CNN: Day of service honors Martin Luther King Jr.
Events are scheduled around the United States to commemorate civil rights leader Martin Luther King Jr. as the nation marks the 25th anniversary of a holiday in his honor. President Obama and first lady Michelle Obama planned to mark the day by participating in a service project in Washington. "Martin Luther King, Jr. lived his life for others, dedicating his work to ensuring equal opportunity, freedom, and justice for all," Obama said in a statement. "I encourage every American to observe this holiday in honor of Dr. King's selfless legacy by volunteering in their own communities and by dedicating time each day to bettering the lives of those around us."
CNN: Hu to lay out vision for U.S. relations
Chinese President Hu Jintao this week will lay out his vision for U.S.-Chinese relations based on strategic mutual trust, state-run media reports, amid recent hints of Washington's frustrations with Beijing. Hu is expected to lay out his blueprint during his three days in Washington, where he'll meet with President Barack Obama, top legislators and business executives, followed by a stop in Chicago. A report Sunday in Xinhua, China's official news agency, said that despite certain differences a constructive, comprehensive partnership between the powers could be mutually beneficial and help ensure stability in Asia and worldwide - points Hu will stress during time in the United States.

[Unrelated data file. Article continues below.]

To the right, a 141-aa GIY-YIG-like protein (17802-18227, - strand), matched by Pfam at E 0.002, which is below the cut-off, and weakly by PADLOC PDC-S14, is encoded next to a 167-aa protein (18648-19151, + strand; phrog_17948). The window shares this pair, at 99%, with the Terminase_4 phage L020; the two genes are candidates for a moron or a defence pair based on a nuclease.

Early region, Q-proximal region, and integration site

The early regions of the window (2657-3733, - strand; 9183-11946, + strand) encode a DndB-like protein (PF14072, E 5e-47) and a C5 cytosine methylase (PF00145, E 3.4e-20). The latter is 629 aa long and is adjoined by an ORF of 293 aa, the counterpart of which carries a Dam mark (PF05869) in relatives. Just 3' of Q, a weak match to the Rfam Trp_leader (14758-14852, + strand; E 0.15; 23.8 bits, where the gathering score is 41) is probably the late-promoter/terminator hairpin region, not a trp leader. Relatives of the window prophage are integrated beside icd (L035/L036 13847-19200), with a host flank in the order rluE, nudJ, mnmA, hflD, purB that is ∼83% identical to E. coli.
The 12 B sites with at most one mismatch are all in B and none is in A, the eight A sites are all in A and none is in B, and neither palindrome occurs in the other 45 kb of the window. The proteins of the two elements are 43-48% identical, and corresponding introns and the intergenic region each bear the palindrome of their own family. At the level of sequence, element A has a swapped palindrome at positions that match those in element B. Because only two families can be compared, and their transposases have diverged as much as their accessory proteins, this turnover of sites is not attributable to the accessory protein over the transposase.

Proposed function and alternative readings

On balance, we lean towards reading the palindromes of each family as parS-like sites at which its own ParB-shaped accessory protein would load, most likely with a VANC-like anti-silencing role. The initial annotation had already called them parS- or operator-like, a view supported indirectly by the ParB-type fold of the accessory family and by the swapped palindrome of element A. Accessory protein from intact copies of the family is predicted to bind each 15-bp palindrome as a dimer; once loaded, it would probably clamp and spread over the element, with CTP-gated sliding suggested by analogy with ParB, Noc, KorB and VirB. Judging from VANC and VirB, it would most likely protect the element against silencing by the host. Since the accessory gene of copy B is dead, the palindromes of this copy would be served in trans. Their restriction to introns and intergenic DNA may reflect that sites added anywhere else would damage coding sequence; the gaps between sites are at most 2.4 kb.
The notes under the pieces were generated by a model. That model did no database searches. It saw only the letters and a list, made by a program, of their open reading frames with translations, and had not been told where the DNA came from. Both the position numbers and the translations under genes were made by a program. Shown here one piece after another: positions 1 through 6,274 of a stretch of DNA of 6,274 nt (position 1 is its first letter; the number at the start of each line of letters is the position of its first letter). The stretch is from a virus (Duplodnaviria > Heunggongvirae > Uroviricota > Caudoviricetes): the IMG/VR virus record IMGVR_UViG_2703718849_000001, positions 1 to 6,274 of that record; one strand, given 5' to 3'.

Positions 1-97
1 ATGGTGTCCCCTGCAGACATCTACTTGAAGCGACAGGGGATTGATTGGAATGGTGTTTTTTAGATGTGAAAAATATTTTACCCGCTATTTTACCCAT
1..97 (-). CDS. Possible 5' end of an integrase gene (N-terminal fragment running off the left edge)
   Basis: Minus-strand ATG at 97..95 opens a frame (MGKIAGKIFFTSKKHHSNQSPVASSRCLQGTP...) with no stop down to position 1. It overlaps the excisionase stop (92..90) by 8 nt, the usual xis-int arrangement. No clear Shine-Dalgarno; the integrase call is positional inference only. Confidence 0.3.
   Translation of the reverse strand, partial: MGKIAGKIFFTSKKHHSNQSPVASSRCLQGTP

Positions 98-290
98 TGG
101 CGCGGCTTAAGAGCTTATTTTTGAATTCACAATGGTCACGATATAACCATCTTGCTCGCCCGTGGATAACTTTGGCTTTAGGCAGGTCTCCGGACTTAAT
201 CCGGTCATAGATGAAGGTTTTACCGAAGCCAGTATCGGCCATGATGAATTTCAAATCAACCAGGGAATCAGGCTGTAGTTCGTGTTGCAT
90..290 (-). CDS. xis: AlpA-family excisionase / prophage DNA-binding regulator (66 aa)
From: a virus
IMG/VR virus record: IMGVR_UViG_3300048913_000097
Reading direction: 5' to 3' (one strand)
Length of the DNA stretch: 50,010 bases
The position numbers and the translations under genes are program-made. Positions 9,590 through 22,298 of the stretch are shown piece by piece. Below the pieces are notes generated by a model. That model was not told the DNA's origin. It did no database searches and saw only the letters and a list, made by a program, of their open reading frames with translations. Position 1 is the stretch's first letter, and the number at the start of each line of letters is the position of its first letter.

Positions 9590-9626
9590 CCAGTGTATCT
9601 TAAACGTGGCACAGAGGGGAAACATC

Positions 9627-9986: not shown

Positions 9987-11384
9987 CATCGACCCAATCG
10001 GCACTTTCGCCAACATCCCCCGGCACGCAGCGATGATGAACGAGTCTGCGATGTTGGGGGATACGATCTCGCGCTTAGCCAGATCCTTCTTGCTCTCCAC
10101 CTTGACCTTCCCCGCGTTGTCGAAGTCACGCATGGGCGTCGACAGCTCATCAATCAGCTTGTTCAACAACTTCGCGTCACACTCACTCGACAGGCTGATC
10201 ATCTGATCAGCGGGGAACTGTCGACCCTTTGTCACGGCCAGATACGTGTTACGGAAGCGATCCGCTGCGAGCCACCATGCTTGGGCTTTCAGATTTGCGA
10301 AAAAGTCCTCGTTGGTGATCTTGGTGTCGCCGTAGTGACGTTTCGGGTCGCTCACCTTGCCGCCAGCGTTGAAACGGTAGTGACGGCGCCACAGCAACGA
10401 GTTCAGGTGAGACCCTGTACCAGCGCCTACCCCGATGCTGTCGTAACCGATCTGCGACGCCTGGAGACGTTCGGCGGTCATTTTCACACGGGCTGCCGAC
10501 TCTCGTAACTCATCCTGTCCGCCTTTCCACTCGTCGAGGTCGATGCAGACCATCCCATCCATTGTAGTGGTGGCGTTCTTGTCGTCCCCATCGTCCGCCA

New York Times: Budget Worries Push Governors to Same Mind-Set
The dismal fiscal situation in many states is forcing governors, despite their party affiliation, toward a consensus on what medicine is needed going forward. The prescription? Slash spending. Avoid tax increases. Tear up regulations that might drive away business and jobs. Shrink government, even if that means tackling the thorny issues of public employees and their pensions. In years past, new governors have introduced themselves in inaugural remarks filled with cheery, soaring hopes; plans for expansions to education, health care and social services; and the outlines of new, ambitious local projects. But an examination of more than two dozen opening addresses of incoming governors in recent days shows that such upbeat visions were often eclipsed by worries about jobs, money and budget gaps.
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Washington Post: Federal authorities plan to move trial of Tucson shooting suspect
Federal authorities are planning to move the trial of the alleged gunman in the Jan. 8 mass shooting in Tucson to San Diego because of extensive pretrial publicity in Arizona, federal law enforcement sources said Sunday night. Jared Lee Loughner, 22, is charged in federal court in Arizona, but court officials plan to move the case out of the state within several weeks, the sources said. They cited publicity and the sensitivity of the case in Arizona, where one of those fatally shot was John M. Roll, the state's chief federal judge.
Houston Chronicle: Judicial emergency along the border